Good news for environmental campaigners: President-elect Trump has finally nominated someone to his cabinet who actually believes in climate change science.

The bad news for those same campaigners is that this true believer happens to be CEO of Exxon Mobil, and also sees fossil fuels as critical to humanity’s survival.

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Pipeline cancelled [image credit: americaherald.com]

Pipeline cancelled [image credit: americaherald.com]


The political ducking and weaving is over. After years of indecision, there will be no new oil pipeline from Canada to the US, as BBC News reports.

US President Barack Obama has announced he is rejecting an application to build the Keystone XL pipeline from Canada. Speaking from the White House, he said it would not have served the “national interests” of the US.

Its construction has been hotly disputed for seven years, with environmentalists saying it would do irreparable damage. But the president said the pipeline had taken on an “overinflated role” in the climate change debate.

The proposed pipeline would have run 1,179-miles (1,897km) taking 800,000 barrels of oil a day from Alberta, Canada, to Steele City, Nebraska. But Mr Obama said it would not have: lowered petrol prices, created long-term jobs, or affected energy dependence. “The pipeline would not make a meaningful long-term contribution to our economy,” he said.

Republican presidential candidates condemned the news, with Jeb Bush calling it an attack on the US economy.

Full report: US rejects Keystone XL pipeline from Canada – BBC News

They will just have to keep sending the oil by rail.

Decision time [image credit: AP Photo/Tony Gutierrez]

Decision time [image credit: AP Photo/Tony Gutierrez]


After all the political argy-bargy, the final decision on the controversial oil pipeline plan is due as The New Republic explains. But the oil producers are already moving their product in other ways. Whether it’s still worth it with oil down near $40 a barrel is another matter.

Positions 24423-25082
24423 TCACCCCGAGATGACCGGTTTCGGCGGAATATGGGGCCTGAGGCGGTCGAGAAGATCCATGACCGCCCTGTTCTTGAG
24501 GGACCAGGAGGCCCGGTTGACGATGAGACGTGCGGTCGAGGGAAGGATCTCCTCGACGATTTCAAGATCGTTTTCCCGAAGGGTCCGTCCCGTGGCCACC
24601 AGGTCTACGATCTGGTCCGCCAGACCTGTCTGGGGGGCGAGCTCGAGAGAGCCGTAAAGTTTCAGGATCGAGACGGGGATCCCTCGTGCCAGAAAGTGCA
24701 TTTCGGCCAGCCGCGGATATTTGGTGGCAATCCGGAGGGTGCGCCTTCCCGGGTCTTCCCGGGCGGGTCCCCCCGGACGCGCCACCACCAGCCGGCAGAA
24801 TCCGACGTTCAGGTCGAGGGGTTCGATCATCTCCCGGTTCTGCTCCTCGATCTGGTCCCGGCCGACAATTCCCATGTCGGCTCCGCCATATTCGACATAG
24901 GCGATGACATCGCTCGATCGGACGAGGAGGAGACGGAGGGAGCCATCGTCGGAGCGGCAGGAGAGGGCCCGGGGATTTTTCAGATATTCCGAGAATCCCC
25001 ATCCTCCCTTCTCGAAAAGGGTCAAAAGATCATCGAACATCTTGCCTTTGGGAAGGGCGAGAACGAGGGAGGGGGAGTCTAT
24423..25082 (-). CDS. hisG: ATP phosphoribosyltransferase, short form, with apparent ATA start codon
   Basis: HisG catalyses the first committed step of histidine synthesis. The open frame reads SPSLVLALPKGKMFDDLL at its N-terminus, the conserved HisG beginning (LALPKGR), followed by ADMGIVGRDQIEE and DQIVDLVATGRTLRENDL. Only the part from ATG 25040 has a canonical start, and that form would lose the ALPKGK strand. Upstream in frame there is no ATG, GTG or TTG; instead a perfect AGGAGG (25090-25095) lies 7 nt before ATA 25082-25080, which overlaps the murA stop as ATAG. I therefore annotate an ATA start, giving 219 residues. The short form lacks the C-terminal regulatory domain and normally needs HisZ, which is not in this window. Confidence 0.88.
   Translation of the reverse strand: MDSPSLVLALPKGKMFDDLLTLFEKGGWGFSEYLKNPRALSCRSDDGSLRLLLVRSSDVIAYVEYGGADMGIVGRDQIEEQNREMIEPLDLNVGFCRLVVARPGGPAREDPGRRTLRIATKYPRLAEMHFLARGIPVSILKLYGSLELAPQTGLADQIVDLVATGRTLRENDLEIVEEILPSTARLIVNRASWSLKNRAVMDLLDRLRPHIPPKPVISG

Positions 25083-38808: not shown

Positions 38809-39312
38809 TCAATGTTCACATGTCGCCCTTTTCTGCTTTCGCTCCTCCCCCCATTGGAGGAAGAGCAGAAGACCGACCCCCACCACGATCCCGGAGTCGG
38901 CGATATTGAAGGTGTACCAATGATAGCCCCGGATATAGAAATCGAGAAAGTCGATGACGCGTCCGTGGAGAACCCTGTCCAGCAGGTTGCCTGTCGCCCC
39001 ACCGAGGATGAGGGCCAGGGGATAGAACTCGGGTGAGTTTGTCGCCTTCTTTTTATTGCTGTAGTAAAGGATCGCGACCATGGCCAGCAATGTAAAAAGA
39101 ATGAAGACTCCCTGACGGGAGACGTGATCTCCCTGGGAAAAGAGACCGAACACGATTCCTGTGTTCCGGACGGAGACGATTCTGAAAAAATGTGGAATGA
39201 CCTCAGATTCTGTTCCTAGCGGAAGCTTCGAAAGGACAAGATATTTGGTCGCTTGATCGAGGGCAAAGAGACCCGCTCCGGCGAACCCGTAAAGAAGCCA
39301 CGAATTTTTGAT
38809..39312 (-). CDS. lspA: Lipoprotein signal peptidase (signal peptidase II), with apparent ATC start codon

Environmentalists have been waiting since 2008 for President Barack Obama’s decision on whether to approve the Keystone XL pipeline. That decision may come any day now. But Canada’s tar sands industry hasn’t been waiting around.

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Saudi Britannia?

Posted: April 15, 2015 by oldbrew in Energy, Politics
Tags: ,
Nodding donkey, or pump jack [credit: Wikipedia]

Nodding donkey, or pump jack [credit: Wikipedia]

Is this North Sea oil and gas – part 2, or will British politicians shy away from the wealth under our feet, citing nebulous climate theories that don’t work in the real world?

Huw Jenkins of Shale Energy Insider reports:
Following reports that the Jurassic Kimmeridge formation in England could contain more oil than Saudi Arabia’s Ghawar – the world’s largest oil reserve – the conversation about oil and gas drilling in England is heating up, once again.

Chris Faulkner, CEO of Breitling Energy Corporation based in Dallas, Texas, known by the media as the ‘Frack Master’, thinks that the reports are a “game changer” for England and that shale exploration will still be viable in the UK, despite oil and gas prices.

“We knew about this potential long before it became news and now UKOG has proven what the geology showed.  This is actually an extension of the same formation that was being extracted in the North Sea. It just comes on land, and ironically is not far from Gatwick Airport,” Faulkner said.

“This is a game changer for England, and they will now have to shift their entire focus on how to approach oil and gas production.  There’s too much at stake now for them not to,” he added.